• 31:52: Shabazz Muhammad, the No. 1 2012 recruit, recently said he'll wait until at least April to announce where he's going. UCLA and Kentucky are in the lead. I don't think he's good enough to make coaches wait into May, but Borzello brings up a good point why he's bound to.

Again, I thank you for taking the time to listen to the podcast--whenever you can. I ask that you, if you like what we're doing here, encourage like-minded hoopheads to subscribe in Tunes as well. Guests like Jay Bilas, Seth Davis, they're the guys who make me sound better and make the podcast worthwhile. The other guys? Gary Parrish and Jeff Goodman, they really make it entertaining, and of course you can count on our trio show each Wednesday. The RSS feed is another way to keep the podcasts coming to you ASAP. We've got a Zune download link as well.

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Posted on: January 13, 2012 2:02 pm

St. John's transfer Lindsey headed to Arkansas

By Jeff Goodman

Nurideen Lindsey wanted to remain close to his mother, but it didn't work out -- and now he's headed to Arkansas.

The St. John's transfer should be an ideal fit with the breakneck style that Mike Anderson employs down in Fayetteville. The 6-foot-3 guard, who averaged 11.9 points before opting to leave the Red Storm, is quick and athletic. 

"The whole idea of staying close to home was definitely more ideal," Lindsey told CBSSports.com shortly after announcing his decision via twitter. "But unfortunately, the schools close to home weren't a fit and most didn't have scholarships." 

Lindsey said Temple and Saint Joseph's were among them. 

"Arkansas seems like a great fit with the way I play," Lindsey said. "They showed a lot of interest and made me feel excited about wanting to be a Razorback." 

Lindsey said he will leave for Arkansas in the next few days, sit out this semester and the start of next season before becoming eligible at the break -- and having 1 1/2 year left of eligibility. 

He'll give the Razorbacks more quality depth. Anderson has freshmen B.J. Young, Rashad Madden and Hunter Mickelson, leading scorer Marshawn Powell should be healthy next season and guards Mardacus Wade and Rickey Scott have played well this season. 

Posted on: January 9, 2012 8:36 pm

Former A&M guard Jamal Branch picks St. John's

By Jeff Borzello

His transfer situation didn’t get the attention of Khem Birch, but former Texas A&M guard Jamal Branch also made his decision on Monday night.

The freshman is moving on to St. John’s, his father Jerome confirmed to Jeff Goodman of CBSSports.com.

Branch took a visit to the Red Storm’s campus over the weekend, and didn’t take much longer to make his decision. Originally, it seemed like he might wait a week and take another visit but he wanted to make his decision.

Branch left Texas A&M on December 29 after having an up-and-down 11 games for the Aggies. He was a highly-touted prospect coming out of high school, and should be a huge addition for St. John’s when he is able to play.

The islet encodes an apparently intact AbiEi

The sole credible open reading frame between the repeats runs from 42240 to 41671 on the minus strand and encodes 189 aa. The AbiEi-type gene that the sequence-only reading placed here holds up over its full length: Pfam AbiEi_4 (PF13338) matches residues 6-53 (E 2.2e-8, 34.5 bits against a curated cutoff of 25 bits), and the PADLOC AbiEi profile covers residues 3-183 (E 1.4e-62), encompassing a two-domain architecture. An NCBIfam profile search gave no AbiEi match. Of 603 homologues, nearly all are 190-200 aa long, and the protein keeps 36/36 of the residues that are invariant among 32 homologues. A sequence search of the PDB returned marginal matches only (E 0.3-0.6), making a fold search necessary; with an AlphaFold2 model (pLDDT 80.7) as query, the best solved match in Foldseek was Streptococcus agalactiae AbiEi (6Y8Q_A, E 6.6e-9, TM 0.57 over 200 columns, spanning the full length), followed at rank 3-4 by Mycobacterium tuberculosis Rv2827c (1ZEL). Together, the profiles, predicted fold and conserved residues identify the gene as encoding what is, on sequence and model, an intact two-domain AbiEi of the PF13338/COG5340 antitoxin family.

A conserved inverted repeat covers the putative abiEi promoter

Branch averaged 4.2 points and 2.5 assists at A&M.

Posted on: January 6, 2012 10:17 am
Edited on: January 6, 2012 10:58 am

St. John's has a secure future with Lavin

Jeff Borzello

From the outside, it might look like St. John’s is falling apart.

The Red Storm had a great year last season, going 21-12 and getting a No. 6 seed in the NCAA tournament. Since then, they have lost two members of their vaunted class of 2011; had both commits from the class of 2012 rescind their pledges; and also had two players transfer. Moreover, head coach Steve Lavin has barely been able to coach as he recovers from prostate cancer surgery.

As a result, St. John’s has struggled so far this season. The Red Storm are 7-7, including losses to Northeastern and Detroit.

With all this said, the basketball program is not the house of cards that it looks like from the outside.

After talking with people inside and outside the basketball program on Thursday, there’s still excitement about St. John’s basketball. There’s optimism, there’s enthusiasm. While the Red Storm will certainly have a terrible record this year, it will be chalked up to a lack of experience and a lack of bodies. Most people think Lavin will turn it around next season.

Sources say the coaching staff is optimistic they will still get 2012 decommit Ricardo Gathers and 2011 decommit JaKarr Sampson. Both reopened their recruitments, but are still considering the Red Storm. They’re very strong with Our Savior New American (N.Y.) guard Felix Balamou and junior college forward Orlando Sanchez. St. John’s is also in the mix for top-100 big man Chris Obekpa.

2012 prospect Darrick Wood decommitted on Thursday, but sources say he might have had NCAA Clearinghouse problems down the road. Nuri Lindsey transferred last month, but sources say he too was having academic difficulties at St. John’s.